The holo-Fra-dependent kinetic reaction parameters of the conversion of protoporphyrin IX to heme b by HemH were determined as follows. At first, 2.7 μmol protoporphyrin IX were dissolved in 25 mL 100 mM TRIS, pH 7.2, containing 5% Tween 20. The exact concentration of protoporphyrin IX in solution was then determined via UV-Vis spectroscopy at 408 nm by using the extinction coefficient of 262 mM-1 cm-1. Recombinant apo-Fra (100 μM in reconstitution buffer) was loaded with iron by anaerobic incubation with FeCl2 (500 μM in reconstitution buffer) for 1 h. After incubation, excess iron was removed by gel filtration over an Econo-Pac 10DG desalting column (BioRad). The fractions containing protein were identified by quantitative Bradford assay [40]. Reactions were carried out in 1 mL reaction volume and contained 100 mM TRIS, pH 7.2, 50 μM holo-Fra and 0.1 μM to 10 μM protoporphyrin IX. Reactions were started under anaerobic conditions by adding 0.2 μM HemH, followed by anaerobic incubation at 25°C for 2 min, and were quenched by the addition of 100 μL of methanol. The reaction mixture was transferred into a 1 cm path length quartz cuvette and was analysed by fluorescence spectroscopy, as described previously. Control reactions were carried out with the single components and their different combinations with and without Fe2+-charged Fra. No conversion was observed without the addition of HemH.

In vitro activity of the B. subtilis nitric oxide synthase bsNos

The in vitro activity of bsNos was assayed in 50 μL reactions containing the following: 10 μM holo-FfoR, 8 μM Ferredoxin from Spinacia oleracea, 1 mM NADPH, 2 μM tetrahydrofolic acid, 2 μM CaCl2, 2 μM FAD, 2 μM FMN, and 500 μM Nω-hydroxy-l-arginine. Reactions were started by the addition of 2 μM of holo-bsNos and analysed by a Griess assay (Promega), according to the manufacturer’s protocol, at different time points. Control reactions were performed with the apo-form of bsNos and without the addition of bsNos. The amounts of nitric oxide generated were determined by measuring the concentration of its stable breakdown product nitrite using a standard calibration curve recorded within a nitrite concentration range of 1.56 to 50 μM.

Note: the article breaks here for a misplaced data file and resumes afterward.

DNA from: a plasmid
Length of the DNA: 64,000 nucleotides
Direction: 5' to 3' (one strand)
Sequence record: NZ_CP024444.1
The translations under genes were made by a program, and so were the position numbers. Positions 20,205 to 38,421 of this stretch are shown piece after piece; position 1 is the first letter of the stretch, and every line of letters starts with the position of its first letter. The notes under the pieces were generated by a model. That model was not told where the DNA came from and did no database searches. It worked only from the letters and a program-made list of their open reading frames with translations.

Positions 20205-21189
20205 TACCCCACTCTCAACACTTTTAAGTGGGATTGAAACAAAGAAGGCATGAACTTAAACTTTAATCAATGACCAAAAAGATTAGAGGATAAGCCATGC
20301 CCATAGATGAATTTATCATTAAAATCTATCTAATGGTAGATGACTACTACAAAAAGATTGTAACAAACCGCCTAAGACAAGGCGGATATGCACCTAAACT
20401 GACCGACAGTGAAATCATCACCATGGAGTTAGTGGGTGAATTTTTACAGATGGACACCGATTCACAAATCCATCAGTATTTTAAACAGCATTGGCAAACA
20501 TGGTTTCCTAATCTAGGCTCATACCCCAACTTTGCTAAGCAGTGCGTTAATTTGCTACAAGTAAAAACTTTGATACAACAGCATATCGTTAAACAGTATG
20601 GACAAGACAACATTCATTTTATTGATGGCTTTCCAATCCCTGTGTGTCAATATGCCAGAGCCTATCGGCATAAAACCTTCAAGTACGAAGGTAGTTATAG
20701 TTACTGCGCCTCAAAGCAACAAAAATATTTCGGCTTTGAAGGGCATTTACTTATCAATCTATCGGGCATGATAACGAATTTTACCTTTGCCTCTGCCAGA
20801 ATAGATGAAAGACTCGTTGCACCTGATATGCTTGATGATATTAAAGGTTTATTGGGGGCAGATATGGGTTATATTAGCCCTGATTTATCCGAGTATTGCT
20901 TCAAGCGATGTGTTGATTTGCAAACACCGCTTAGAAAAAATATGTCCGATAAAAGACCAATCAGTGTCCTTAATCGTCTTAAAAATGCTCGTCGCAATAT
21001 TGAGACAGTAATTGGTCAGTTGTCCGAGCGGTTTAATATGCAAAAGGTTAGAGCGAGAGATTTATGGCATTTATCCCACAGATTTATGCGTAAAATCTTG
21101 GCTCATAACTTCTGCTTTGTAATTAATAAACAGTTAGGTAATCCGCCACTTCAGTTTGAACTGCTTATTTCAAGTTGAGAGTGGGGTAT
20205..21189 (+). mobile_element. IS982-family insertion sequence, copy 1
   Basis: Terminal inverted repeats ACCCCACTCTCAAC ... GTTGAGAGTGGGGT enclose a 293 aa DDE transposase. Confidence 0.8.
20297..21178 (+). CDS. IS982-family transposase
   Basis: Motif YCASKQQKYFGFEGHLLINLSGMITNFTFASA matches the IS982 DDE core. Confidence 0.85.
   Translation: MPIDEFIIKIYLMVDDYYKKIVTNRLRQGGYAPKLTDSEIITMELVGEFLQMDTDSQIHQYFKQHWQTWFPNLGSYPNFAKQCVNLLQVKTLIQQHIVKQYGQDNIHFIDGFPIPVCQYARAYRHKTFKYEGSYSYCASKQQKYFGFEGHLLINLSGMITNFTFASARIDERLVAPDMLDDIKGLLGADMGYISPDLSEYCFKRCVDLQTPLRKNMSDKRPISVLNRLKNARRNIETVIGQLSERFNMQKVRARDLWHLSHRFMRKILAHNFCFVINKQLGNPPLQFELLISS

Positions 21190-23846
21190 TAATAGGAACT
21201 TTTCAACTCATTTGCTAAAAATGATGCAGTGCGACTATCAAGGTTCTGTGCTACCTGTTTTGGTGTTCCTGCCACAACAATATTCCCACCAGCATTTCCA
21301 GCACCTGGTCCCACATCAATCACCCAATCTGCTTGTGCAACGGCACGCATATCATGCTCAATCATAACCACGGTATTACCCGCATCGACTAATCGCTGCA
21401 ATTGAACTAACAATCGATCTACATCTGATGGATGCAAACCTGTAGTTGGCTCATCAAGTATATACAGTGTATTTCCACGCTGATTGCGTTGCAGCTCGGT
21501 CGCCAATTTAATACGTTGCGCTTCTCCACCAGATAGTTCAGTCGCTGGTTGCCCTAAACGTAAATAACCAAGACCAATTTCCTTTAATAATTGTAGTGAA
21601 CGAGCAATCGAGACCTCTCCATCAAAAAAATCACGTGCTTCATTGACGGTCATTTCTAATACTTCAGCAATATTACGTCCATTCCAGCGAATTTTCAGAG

Investigation of the heme b co-factor targeting efficiency in crude cell extracts

An Δfra deletion mutant was used as a reference strain with deleted frataxin [11]. Bacillus subtilis 168 and B. subtilis Δfra cells were grown in 300 mL LB medium at 37°C to an OD600 of 0.5. The cells were pelleted, resuspended in 1 mL buffer containing 50 mM TRIS, 100 mM, NaCl, pH 7.4, and disrupted by using an MP Biomedicals FastPrep-24 instrument. Cell debris was removed by centrifugation (16,000 x g, 4°C) and the clear lysates were used for bsNos activity measurements, according to the procedure described above, by using crude protein extract (~ 1.5 mg) from the B. subtilis 168 WTcells or B. subtilis Δfra cells. Control reactions were performed without the addition of Nω-hydroxy-l-arginine. Nitric oxide production was then quantified by a Griess assay (Promega), according to the manufacturer’s protocol, at different time points. In vivo protein levels of bsNos in the WT and in the mutant were checked by tryptic digestion and quantitative peptide mass fingerprinting of respectively 4 μg crude protein extract.

Estimation of the total intracellular protoporphyrin IX and heme content in B. subtilis WT and Δfra mutant cells

Cells were grown in 500 mL LB medium to an OD600 of 0.5, harvested by centrifugation (16,000 x g, 4°C), resuspended in 1 mL buffer (50 mM TRIS, 100 mM, NaCl, pH 7.4), and disrupted by using a FastPrep-24 instrument (MP Biomedicals). Cell debris was removed by centrifugation (16,000 x g, 4°C) and the total protein concentrations were determined by quantitative Bradford assay [40]. An amount of 350 μg of crude protein extract was diluted to 200 μL in ddH2O and extracted with 200 μL acidic acetone (20% 1.6 M HCl v/v). Precipitate was removed by centrifugation (16,000 x g, 4°C) and the supernatant was analysed by fluorescence spectroscopy, as described above. Assays were repeated twice and averages of the relative heme amounts determined were plotted together with their standard error of the mean (SEM).

Anaerobic work